The Road of Lost Innocence
The way I was going to write this review has changed dramatically in the past thirty minutes. You see, I logged onto Goodreads to get publishing details and was overwhelmed with the comments declaring Somaly Mam a fraud. The oddest thing though, was that to me, it kind of made sense...
This book is an "autobiography" of a woman's childhood and life in Cambodia where she claimed to have been sold into prostitution as a child. Reading it was heartbreaking; to know that girls my nieces' ages were being victimised and tortured the way they were was a shattering thought. Samaly then went onto to describe her long journey to recovery and how she built refuges for women and children who had suffered the same fate as her.
I felt throughout this book that she was playing dumb. All of the incredible things she claimed to do require a great deal of intelligence and I kept waiting and waiting for something to click in her that enabled her to become like this. But it never did, which left me confused and thinking that maybe she was just a very simple woman who received a lot of help. However, upon reading many articles that outlined her deceit and fabricated story, I realised that she was indeed the very smart woman I thought. So smart that she purposely portrayed herself as someone innocent, small and naive. Someone everyone would pity and want to help.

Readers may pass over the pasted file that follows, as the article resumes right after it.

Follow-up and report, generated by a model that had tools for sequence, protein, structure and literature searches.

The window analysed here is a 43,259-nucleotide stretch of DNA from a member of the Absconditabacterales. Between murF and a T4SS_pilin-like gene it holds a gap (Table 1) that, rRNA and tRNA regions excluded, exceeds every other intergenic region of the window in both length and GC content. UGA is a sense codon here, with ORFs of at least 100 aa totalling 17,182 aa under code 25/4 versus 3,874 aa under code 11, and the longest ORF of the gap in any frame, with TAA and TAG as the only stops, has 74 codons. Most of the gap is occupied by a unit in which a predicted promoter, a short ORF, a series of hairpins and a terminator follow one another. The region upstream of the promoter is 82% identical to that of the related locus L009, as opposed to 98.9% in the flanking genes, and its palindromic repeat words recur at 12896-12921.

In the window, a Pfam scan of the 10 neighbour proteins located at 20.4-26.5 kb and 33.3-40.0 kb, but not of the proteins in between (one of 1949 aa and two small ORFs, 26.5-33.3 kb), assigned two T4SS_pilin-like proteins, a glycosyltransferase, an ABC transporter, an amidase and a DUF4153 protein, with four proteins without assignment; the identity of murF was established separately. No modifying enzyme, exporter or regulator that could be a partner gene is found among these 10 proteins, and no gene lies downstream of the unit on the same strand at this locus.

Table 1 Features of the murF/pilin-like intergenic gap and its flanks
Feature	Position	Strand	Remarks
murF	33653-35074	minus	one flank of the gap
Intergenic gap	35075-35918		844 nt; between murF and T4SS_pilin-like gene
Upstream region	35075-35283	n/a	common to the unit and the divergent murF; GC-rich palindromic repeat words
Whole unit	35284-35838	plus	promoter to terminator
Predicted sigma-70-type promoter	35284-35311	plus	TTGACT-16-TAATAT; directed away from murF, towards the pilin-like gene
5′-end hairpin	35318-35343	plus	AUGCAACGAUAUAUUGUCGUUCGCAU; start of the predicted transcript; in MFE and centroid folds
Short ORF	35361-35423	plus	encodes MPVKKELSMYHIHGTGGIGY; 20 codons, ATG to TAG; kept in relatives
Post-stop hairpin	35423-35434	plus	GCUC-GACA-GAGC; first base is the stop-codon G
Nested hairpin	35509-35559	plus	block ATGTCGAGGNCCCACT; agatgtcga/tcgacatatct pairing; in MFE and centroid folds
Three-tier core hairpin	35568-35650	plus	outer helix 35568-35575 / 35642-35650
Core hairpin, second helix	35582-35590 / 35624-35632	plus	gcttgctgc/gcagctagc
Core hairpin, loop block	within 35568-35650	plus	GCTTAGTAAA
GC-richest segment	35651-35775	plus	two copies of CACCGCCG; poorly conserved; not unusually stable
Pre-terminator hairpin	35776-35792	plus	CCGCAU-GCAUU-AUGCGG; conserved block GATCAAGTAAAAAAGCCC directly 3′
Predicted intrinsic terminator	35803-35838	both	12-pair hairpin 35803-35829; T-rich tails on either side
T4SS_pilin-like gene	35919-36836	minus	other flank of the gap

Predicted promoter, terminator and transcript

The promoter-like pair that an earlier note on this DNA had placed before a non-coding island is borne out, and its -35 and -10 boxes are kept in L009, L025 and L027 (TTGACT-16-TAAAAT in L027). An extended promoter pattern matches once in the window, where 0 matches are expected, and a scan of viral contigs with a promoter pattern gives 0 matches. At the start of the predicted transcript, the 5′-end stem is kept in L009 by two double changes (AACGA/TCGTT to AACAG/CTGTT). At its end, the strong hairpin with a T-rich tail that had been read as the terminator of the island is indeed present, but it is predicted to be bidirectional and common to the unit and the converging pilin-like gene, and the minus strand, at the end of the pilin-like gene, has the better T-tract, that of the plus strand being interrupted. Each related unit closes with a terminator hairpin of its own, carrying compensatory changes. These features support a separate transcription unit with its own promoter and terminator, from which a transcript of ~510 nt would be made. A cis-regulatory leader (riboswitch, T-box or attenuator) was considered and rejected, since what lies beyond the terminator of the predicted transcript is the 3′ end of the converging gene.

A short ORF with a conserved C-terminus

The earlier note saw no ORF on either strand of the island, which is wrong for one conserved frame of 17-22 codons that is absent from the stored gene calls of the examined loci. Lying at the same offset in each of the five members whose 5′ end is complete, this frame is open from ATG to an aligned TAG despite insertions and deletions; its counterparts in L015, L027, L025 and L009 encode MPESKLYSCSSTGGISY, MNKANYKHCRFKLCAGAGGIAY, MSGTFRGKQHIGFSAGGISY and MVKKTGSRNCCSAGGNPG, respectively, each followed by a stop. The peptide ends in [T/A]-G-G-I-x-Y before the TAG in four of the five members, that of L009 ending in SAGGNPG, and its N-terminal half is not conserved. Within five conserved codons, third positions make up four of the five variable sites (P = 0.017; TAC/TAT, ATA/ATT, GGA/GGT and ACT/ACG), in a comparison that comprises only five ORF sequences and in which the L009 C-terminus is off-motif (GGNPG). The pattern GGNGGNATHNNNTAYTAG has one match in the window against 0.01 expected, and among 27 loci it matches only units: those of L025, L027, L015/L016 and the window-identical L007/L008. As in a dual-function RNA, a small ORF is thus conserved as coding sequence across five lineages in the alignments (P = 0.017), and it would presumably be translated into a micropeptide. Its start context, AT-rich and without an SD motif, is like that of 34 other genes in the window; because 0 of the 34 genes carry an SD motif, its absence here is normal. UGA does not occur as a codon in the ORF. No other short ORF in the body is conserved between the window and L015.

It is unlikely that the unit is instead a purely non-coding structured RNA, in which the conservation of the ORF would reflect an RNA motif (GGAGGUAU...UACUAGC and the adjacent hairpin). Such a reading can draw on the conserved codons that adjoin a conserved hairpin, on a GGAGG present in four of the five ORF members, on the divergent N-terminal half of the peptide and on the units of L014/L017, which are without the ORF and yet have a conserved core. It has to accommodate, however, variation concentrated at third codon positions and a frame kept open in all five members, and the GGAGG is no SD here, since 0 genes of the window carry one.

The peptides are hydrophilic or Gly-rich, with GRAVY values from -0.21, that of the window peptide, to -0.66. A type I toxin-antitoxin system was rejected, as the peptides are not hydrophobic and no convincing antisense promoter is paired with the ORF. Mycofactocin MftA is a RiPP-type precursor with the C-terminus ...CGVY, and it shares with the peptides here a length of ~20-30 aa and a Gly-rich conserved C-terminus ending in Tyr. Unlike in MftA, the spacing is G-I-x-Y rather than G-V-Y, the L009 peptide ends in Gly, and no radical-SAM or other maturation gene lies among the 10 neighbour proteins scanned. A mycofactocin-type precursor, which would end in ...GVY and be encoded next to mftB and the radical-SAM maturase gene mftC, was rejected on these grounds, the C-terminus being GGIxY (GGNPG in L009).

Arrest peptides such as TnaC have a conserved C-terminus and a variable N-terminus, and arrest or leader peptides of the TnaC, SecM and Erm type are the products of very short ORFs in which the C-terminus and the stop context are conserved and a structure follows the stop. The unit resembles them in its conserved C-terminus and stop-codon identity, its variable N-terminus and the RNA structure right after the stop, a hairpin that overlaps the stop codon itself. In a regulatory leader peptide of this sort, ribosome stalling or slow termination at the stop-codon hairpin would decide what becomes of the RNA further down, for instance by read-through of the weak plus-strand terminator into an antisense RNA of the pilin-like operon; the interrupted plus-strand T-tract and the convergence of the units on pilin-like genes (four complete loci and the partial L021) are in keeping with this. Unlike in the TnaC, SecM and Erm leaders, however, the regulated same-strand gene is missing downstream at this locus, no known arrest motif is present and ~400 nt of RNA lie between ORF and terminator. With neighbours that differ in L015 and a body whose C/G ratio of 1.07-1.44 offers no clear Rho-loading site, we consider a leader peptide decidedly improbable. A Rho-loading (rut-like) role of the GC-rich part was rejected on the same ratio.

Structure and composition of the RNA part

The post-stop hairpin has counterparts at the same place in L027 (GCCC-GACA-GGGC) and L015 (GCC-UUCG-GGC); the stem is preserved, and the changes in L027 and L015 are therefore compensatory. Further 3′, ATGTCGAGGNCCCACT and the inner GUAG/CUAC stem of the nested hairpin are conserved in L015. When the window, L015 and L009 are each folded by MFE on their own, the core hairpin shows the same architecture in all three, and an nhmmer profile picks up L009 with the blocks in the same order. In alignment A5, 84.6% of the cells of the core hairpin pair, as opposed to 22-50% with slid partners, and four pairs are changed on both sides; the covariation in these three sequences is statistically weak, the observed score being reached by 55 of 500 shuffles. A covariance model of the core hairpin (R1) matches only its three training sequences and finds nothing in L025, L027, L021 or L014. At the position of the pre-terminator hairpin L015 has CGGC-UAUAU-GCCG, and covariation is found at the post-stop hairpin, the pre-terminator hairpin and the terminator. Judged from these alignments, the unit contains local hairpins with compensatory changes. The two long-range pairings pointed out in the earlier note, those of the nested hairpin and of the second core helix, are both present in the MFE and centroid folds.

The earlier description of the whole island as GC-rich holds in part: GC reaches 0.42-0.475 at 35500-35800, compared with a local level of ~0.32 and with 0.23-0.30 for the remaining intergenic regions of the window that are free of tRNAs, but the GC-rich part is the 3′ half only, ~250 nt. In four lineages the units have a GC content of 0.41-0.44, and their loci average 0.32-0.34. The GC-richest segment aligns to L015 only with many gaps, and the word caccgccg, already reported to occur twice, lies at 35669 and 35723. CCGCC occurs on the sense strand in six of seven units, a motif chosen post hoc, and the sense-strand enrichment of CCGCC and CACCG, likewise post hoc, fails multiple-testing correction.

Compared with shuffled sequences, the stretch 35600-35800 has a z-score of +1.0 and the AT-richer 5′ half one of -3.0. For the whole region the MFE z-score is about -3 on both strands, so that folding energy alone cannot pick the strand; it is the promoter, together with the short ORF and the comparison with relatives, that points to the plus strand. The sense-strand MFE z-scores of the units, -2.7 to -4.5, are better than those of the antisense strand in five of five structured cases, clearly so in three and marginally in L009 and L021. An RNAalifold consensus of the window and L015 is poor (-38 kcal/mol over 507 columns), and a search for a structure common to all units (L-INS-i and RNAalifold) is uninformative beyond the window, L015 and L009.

I do not believe that Samaly is a bad person who lied the way she did only for fame, but I choose to hope that she used her position to shed light on the horrible state of human trafficking in Cambodia and across South East Asia. Perhaps she thought that people wouldn't listen to her if she herself wasn't a victim. I'm not sure, but I have no doubt that this book is indeed not at all an autobiography.
Rate: - I feel as though I am not able to give an unbiased rating now that I know this book is mostly built on a lie.
Pages: 182 pages
Genre: Adult Non-Fiction
Acquired from: Brisbane Bookfair